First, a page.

WASHINGTON — U.S. ports are worried about how ever-growing cargo ships and an expanded Panama Canal will affect their volume and revenues in the future, prompting calls by port authorities and civil engineers for increased investment in their infrastructure.
“Post-Panamax” ships, the new, larger cargo vessels that will be able to traverse the canal after its expansion in 2015, currently have a relative dearth of U.S. ports to choose from. The larger vessels require channel depths of at least 50 feet in order to enter ports fully laden with cargo, according to the U.S. Army Corps of Engineers.
Seattle, Oakland, Los Angeles and Long Beach ports all have 50-foot channels on the Pacific Ocean, while Baltimore and New York City ports either have, or will soon have, the required depth.
New York, however, must contend with the fact that the Bayonne Bridge is too low to accommodate some vessels. The bridge spans a heavily traveled tidal strait that connects Newark Bay with Upper New York Bay.
As a result, there have been repeated calls for investment in U.S. port infrastructure.
Earlier this month, the American Society of Civil Engineers released a report highlighting what it estimated to be a nearly $16 billion gap between the roughly $14 billion expected to flow into marine infrastructure between now and 2020 and the $30 billion the ASCE said the nation’s port system needs to stay competitive in a post-Panamax world.
“Needed investment in marine ports includes harbor and channel dredging, while inland waterways require new or rehabilitated lock and dam facilities,” the group said in a release.
The ASCE report, part of a series titled “Failure to Act,” concluded that preparation for post-Panamax vessels is a clear necessity, particularly in the Southeast and in the Gulf of Mexico.
“The nation’s port system is in danger of being non-competitive at several key ports in the Southeast and Gulf ... due to the slow and complex process of project delivery for critical dredging projects — especially those that will allow key ports to participate in offering services that depend on serving larger bulk and container vessels that will call on U.S. ports once the expanded Panama Canal opens in 2015,” that report warned.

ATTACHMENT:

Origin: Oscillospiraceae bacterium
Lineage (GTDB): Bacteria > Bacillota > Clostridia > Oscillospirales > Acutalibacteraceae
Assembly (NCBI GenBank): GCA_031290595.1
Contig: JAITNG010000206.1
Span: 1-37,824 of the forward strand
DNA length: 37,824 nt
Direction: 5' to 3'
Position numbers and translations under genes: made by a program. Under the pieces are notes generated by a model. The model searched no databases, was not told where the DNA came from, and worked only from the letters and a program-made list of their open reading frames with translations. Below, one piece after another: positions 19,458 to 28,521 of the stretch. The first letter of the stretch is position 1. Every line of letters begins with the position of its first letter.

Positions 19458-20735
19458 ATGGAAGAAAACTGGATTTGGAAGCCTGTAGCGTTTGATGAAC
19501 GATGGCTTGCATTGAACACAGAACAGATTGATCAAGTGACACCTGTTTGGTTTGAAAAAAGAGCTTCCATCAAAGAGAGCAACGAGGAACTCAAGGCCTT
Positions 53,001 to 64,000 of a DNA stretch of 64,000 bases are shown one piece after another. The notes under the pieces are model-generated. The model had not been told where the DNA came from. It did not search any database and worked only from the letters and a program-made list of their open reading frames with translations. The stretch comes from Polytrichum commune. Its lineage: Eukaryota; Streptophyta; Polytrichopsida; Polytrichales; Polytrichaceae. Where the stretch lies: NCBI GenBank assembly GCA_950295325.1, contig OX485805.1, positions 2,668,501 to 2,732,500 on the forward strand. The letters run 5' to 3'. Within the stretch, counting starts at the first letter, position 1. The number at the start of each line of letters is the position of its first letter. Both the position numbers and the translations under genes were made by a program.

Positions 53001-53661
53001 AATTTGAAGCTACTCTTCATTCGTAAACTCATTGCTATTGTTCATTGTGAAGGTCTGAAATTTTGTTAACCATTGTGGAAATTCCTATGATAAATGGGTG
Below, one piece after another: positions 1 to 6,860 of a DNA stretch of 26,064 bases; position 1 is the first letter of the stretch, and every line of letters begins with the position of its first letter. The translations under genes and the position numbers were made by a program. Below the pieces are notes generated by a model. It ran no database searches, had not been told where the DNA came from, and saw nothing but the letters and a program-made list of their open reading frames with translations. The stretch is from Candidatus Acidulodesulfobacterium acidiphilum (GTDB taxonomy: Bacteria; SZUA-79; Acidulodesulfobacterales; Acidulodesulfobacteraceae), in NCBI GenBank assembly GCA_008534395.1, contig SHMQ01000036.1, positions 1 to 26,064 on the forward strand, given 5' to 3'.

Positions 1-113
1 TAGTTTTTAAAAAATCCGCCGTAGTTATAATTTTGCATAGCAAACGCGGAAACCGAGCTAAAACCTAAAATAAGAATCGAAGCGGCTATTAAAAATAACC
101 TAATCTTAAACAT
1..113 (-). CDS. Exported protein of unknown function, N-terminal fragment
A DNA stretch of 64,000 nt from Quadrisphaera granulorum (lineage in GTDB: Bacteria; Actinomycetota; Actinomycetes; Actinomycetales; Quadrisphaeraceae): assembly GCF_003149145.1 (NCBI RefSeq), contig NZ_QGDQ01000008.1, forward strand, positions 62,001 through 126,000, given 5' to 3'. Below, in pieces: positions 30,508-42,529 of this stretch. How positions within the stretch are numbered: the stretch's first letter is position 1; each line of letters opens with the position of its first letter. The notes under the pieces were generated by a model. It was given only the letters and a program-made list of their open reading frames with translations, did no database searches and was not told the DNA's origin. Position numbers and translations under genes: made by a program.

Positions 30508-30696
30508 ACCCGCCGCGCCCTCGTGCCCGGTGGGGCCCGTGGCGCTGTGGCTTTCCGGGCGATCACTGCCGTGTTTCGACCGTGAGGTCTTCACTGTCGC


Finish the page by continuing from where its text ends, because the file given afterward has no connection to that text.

“If we don’t close the investment gaps, everyone is going to feel the negative impacts because we are on course to lose more than one million jobs and more than $1 trillion in personal income by 2020,” ASCE president Andrew Herrmann said after the report was released.
An Army Corps of Engineers report released in June also highlighted the need for land-based infrastructure capable of supporting the increased tonnage, including more large cranes and sufficient road and rail networks for transporting goods once they leave a ship.
What is less clear is how the readiness or lack thereof for the big ships will ultimately affect port revenues and creditworthiness, analysts said.
“At this point, it’s a potential impact, with a capital P,” said Maria Matesanz, senior vice president of global project and infrastructure at Moody’s Investors Service. “That being said, the potential impact is difficult to gauge.”